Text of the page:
The rest of this paper is organized as follows. In Sect. 2, we review the decomposition of fluctuation for a simple FF system derived in [28, 42] by using the LNA. In Sect. 3, we extend the result shown in Sect. 2 to a FB network by deriving a source-by source decomposition of the fluctuation with feedback. Using this source decomposition, we define the FB loop gains that quantify the impacts of the FB to the fluctuation. In Sect. 4, we give a quantitative relation of the loop gains in the FB network with the fluctuation propagation in a corresponding open-looped FF network. In Sect. 5, we propose a conjugate FF and FB network as a natural extension of the dual reporter system. We clarify that the loop gains can be estimated only from the statistics, i.e., mean, variances, and covariances, of the conjugate network. We also show that a fluctuation relation holds among the statistics, which generalizes the relation used in the dual reporter system. In Sect. 6, we discuss a link of the conjugate network with the casual conditioning and the directed information, and finally give future directions of our work.

## 2 Fluctuation Decomposition and Propagation in a Small Biochemical Network

In this section, we summarize the result for the decomposition of fluctuation obtained in [28, 42] by using the LNA, and also its relation with the dual reporter system employed in [11, 24, 34] to quantify the intrinsic and extrinsic contributions from the experimental measurements.

### 2.1 Stochastic Chemical Reaction and Its Linear Noise Approximation

*N*different molecular species and

*M*different reactions. We assume that the stochastic dynamics of the network is modeled by the following chemical master equation:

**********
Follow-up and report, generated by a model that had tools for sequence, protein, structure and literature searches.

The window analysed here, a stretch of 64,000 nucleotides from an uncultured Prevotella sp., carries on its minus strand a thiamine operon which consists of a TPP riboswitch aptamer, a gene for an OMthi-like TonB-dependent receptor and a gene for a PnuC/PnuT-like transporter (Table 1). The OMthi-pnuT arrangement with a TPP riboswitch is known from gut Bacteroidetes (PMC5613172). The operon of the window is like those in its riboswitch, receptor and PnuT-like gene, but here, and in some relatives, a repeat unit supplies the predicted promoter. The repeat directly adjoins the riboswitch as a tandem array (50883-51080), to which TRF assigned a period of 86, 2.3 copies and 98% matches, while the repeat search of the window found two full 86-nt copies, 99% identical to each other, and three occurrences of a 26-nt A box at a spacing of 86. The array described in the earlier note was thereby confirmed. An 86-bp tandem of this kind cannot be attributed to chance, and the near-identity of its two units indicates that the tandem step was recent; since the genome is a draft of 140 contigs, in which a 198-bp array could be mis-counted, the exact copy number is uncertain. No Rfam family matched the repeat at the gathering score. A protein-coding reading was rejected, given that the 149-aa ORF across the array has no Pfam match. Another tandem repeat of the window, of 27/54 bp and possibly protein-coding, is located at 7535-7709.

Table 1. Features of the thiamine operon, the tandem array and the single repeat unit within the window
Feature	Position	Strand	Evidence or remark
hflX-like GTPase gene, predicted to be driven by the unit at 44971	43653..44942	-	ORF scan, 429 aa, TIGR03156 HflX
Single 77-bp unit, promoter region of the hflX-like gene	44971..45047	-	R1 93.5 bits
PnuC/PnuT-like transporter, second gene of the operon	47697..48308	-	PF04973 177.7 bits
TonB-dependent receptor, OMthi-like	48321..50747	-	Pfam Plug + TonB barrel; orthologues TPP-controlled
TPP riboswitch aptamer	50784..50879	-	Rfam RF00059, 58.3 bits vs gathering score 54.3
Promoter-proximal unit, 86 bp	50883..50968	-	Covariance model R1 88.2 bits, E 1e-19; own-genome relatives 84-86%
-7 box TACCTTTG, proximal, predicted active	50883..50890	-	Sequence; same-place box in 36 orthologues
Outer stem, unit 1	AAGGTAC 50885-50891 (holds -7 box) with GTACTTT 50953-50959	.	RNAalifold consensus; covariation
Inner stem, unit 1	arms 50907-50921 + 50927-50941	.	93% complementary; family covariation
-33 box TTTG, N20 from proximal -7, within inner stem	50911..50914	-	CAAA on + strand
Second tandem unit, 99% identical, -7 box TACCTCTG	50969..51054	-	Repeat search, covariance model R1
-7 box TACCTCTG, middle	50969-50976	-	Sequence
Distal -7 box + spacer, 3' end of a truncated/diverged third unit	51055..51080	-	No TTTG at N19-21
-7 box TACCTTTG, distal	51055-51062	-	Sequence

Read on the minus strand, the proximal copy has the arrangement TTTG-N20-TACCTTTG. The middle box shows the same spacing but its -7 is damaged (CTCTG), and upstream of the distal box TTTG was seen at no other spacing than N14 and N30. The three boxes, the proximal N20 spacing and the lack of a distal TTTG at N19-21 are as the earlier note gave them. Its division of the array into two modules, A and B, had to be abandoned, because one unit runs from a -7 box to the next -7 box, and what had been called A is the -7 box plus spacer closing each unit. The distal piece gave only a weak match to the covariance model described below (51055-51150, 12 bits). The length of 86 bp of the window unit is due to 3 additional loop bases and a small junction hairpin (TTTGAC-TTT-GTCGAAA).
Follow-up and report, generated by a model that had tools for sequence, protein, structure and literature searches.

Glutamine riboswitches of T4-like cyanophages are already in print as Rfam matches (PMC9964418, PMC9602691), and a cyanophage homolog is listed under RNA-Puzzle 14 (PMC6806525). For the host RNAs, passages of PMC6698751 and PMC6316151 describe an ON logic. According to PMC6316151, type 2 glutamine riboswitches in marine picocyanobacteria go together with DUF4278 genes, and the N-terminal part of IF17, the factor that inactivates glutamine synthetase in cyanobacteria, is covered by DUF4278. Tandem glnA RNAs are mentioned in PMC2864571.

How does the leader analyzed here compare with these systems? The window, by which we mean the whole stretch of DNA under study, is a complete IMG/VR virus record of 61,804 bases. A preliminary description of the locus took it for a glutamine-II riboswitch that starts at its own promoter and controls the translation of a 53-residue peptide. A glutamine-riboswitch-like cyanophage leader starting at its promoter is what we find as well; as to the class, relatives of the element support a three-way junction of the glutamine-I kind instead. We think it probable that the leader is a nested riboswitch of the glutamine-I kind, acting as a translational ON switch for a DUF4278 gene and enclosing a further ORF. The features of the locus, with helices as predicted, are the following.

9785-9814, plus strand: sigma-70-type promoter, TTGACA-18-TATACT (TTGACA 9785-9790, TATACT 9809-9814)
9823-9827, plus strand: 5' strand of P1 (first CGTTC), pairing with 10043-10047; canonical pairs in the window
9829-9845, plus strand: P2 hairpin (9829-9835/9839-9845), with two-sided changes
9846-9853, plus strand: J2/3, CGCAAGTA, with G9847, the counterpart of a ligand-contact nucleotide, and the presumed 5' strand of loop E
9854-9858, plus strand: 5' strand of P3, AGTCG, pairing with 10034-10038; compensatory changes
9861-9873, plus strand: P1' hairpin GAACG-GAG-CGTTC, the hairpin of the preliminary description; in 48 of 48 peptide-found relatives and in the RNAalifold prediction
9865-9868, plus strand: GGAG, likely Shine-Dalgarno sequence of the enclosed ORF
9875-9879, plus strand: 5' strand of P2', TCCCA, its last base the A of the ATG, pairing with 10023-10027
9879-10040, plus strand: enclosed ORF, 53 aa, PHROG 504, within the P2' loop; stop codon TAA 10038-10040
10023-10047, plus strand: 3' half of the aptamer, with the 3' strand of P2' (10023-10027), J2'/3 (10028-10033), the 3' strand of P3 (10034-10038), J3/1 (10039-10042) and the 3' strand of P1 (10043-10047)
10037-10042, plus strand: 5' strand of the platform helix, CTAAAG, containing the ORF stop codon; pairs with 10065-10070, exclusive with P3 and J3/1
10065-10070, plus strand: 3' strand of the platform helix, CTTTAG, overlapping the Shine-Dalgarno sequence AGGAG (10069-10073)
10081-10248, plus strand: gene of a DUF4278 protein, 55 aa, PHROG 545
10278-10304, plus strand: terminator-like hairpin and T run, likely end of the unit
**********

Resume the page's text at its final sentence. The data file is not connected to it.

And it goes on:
*t*, and \(a_{k}(\varvec{n}) \in \mathbb {R}_{\ge 0}^{M}\) and \(\varvec{s}_{k}\in \mathbb {N}^{N}\) are the propensity function and the stoichiometric vector of the

*k*th reaction, respectively [12, 14, 19]. The propensity function, \(a_{k}\), characterizes the probability of occurrence of the

*k*th reaction when the number of the molecular species is \(\varvec{n}\), and the stoichiometric vector defines the change in the number of the molecular species when the

*k*th reaction occurs.

*n*, i.e., the average of

*n*, as

^{1}Even though the propensity function \(\varvec{a}(\varvec{n})\) is not affine, Eq. (3) (or Eq. (6)) can produce a good approximation of the fluctuation, provided that the fixed point, \(\bar{\varvec{n}}\), is a good approximation of the average, \(\left<\varvec{n} \right>\), and that the local dynamics around the fixed point is approximated enough by its linearization. In addition, compared with other approximations, the LNA enables us to obtain an analytic representation of the fluctuation because Eq. (3) is a linear algebraic equation with respect to \(\varvec{\Sigma }\). Owing to this property, the LNA and its variations played the crucial role to reveal the analytic representation of the fluctuation decomposition in biochemical reaction networks [21, 28, 47]. As in these previous works, we employ the LNA to obtain an analytic representation for the feedback efficiency.

### 2.2 Decomposition of Fluctuation

*x*,

*x*regulates

*y*unidirectionally. Then, for a fixed point \((\bar{x},\bar{y})\) of Eq. (2), that satisfies

*K*and

*D*in Eq. (3) becomes

*x*and

*y*, respectively. \(d_{x}\) and \(d_{y}\) are the minus of the diagonal terms of

*K*and represent the effective degradation rates of

*x*and

*y*. \(k_{yx}\) is the off-diagonal term of

*K*that represents the interaction from

*x*to

*y*. \(H_{ij}\) is the susceptibility of the

*i*th component to the perturbation of the

*j*th one. Except this section, we mainly use

*d*s and

*k*s as the representation of the parameters rather than

*H*s and \(\tau \)s introduced in [28].

^{2}By solving Eq. (3) analytically, the following fluctuation-dissipation relation was derived in [28]:

^{3}and describes how the fluctuation generates and propagates within the network. (

*I*) is the intrinsic fluctuation of